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From: "Jean R." <>
Subject: Ship "Erin Go Bragh," owned in Cork by Joshua and Abraham HARGREAVES, 1851 --- Also Emig. Pamphlets
Date: Thu, 3 Nov 2005 15:22:22 -0800


The "Erin Go Bragh," (Ireland Forever), was a fully-rigged, three-masted ship owned in Cork by Joshua and Abraham HARGREAVES, built of oak and tamarack, beech and elm.

During the 19th century, a total of nine million emigrants spilled out of Europe, sailing from Liverpool to America. Many immigrants from Europe were brought from Hull by rail to Liverpool 100 miles away. It was logical for Irish to aim for Liverpool as their launching pad into the New World as it was a familiar site of work for thousands of Irish farmhands who regularly crossed to Liverpool, seeking work at the end of summer on English farms. Too few opportunities existed at home and the wages in England were better. Many more ships were available in Liverpool with its big, fast vessels and speedy American packet ships. The day of departure, each emigrant had to appear before a medical officer who was paid by the ship owner or charterer one pound for every hundred passengers he gave a very rudimentary examination to, and he would stamp each ticket as proof of inspection. Passengers were entitled to board the ship 24 hours before departure.

Leaving Liverpool on March 22, 1851, bound for America (on what proved to be an uneventful trip) was the HARGREAVES' ship, "Erin Go Bragh" and 273 Irish passengers, including several large families, a few spinsters and 50 young, unattached men ready for work. Since the records do not give county of of origin, it is nearly impossible to sort out where the passengers originated from, but I note a 18-year-old laborer with the unusual name of Rose KILFEATHER.

Captain Jeremiah CASEY and his crew of 15, plus four teenage apprentices, set a good pace across the Atlantic and reached New York after 32 days at sea on April 23, 1851. Of course many, many voyages of other ships during this time period and earlier were hideous ordeals for the passengers depending on factors such as weather, number of passengers and crew, experience of the crew, condition of the ship, food supplies, time of year, illness on board, etc.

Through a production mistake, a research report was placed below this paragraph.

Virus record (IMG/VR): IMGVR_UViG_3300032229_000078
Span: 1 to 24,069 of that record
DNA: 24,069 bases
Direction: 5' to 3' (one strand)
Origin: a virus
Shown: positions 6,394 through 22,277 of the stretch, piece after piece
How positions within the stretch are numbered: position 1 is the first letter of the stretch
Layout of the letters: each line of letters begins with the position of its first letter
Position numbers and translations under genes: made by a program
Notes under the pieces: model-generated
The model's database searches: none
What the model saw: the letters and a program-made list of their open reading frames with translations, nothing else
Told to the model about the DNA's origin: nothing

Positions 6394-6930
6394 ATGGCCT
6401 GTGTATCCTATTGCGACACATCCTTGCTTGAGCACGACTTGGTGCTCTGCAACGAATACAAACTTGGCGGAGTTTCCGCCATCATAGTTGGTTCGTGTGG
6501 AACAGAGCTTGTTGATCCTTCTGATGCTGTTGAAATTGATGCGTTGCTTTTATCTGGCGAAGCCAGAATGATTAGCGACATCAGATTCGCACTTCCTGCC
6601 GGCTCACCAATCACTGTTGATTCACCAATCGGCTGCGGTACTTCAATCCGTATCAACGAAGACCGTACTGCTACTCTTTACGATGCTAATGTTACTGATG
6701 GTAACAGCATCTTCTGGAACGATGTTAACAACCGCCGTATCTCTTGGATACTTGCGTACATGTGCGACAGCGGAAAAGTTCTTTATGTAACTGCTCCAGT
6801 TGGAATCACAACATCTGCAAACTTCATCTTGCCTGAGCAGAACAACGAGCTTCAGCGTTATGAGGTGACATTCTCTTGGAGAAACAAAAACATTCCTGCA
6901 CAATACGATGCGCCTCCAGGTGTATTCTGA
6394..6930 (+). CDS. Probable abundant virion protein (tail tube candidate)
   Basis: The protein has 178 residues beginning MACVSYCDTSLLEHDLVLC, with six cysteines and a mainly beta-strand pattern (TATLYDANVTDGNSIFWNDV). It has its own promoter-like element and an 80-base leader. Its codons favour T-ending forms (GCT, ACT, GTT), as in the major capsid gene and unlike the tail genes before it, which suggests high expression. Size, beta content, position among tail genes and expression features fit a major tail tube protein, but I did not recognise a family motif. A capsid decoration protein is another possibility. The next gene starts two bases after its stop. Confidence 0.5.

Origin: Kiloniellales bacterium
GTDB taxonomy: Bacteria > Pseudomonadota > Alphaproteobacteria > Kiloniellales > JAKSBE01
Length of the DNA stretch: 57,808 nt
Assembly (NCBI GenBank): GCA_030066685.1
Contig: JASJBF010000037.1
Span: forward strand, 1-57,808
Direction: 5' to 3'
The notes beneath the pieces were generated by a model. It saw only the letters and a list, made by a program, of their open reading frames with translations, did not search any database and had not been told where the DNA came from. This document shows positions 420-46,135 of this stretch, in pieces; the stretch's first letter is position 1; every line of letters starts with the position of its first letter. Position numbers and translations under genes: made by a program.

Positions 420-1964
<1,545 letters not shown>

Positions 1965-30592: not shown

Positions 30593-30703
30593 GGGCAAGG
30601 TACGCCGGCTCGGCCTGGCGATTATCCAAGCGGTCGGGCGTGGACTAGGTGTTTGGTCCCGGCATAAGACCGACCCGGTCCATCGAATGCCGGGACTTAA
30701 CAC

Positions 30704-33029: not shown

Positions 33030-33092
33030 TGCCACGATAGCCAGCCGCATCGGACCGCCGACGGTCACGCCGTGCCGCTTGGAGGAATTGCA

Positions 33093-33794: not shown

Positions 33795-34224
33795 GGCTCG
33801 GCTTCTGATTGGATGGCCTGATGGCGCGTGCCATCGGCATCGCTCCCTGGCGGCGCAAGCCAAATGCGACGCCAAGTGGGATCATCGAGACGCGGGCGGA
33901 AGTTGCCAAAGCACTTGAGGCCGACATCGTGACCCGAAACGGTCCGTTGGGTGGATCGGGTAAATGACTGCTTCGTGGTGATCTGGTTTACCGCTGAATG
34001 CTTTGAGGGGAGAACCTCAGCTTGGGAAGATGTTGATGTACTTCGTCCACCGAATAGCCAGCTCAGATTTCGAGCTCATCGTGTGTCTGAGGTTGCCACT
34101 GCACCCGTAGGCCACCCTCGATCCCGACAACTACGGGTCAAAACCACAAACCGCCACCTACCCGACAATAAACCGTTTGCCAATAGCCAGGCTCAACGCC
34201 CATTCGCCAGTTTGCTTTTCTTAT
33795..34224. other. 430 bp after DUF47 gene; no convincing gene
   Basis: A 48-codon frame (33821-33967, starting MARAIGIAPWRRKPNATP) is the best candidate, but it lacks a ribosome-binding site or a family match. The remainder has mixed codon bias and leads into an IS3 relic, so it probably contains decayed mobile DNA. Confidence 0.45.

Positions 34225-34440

By report, a bustling, colorful scene greeted the passengers of the "Erin Go Bragh" on arrival at the South Street Seaport. Captain CASEY used the current to force the ship over to the Manhattan side of the East River. As the ship passed by a cluster of barges, some laboring dock hands looked up and greeted the few passengers on deck who called down below with details of quays turned into market places as fishing smacks disgorged their catches and schooners unloaded fresh fruit onto roughly-made stalls. Women clasped their bonnets against the wind. It was noted that no one was seen fighting over food, there were no beggars but signs of plenty all round. They saw sacks of grain being off-loaded onto barges which disappeared into the city on a network of canals. The steep sloping roofs of tall, square warehouses three stories high looked down on all the activity and many flags of the Stars and Stripes fluttered their welcome to new Americans.

Suddenly America, the Land of the Free, lay at the end of the mooring line which was spinning through the air from the hands of the second mate, Eddie McDONNELL. Per reports, a preacher on a box was exalting a small crowd to resist evil and a knot of ships' captains were seen exchanging their news.

While some faced their new life alone and unprepared, the lucky ones met families waiting for them on arrival. For aspiring farmers, there had been news of enticing land offers which had been published in emigrant circulars. The official "Colonization Circular," for instance, published each spring in Britain, gave details of farmland for sale in Canada. The circular in 1851 listed several areas where cleared land was available at 5 shillings (US $1.25) an acre stating that "one-fourth of the purchase money will be payable in five years from the date of purchase, the remaining in three equal installments at intervals of two years between each, all with interest". The limit was set at 100 acres but the reasonable terms of such offers indicated the eagerness of the Canadian and American governments at that time to hang onto the Irish emigrants to work the land. In Nova Scotia, land was sold at half that in Canada; if the full amount were paid on purchase, a 100-acre farm could !
be bought for eight pounds 15 shillings, (US $43.75).

Although it had no official backing, a booklet entitled "Nine Years in America," was in great demand in Ireland during that time. It was compiled from a series of letters sent from Thomas MOONEY, who had traveled all through America and Canada to his cousin Patrick MOONEY, a farmer in Ireland. The opening words were bound to have appealed to the hard-pressed Irish peasant. "The American farmer never pays any rent, when he takes a farm he buys it forever...two, three or possibly seven years may pass over before he is called upon by the government to pay the purchase money." MOONEY also noted that food in America was only two-thirds of the price in Ireland and public taxes about a quarter; while clothing, fuel and house rent were about equal. He noted that the facility for acquiring housing, lands, and education for children was "a hundred to one greater," and that emigrant passengers had much to look forward to.


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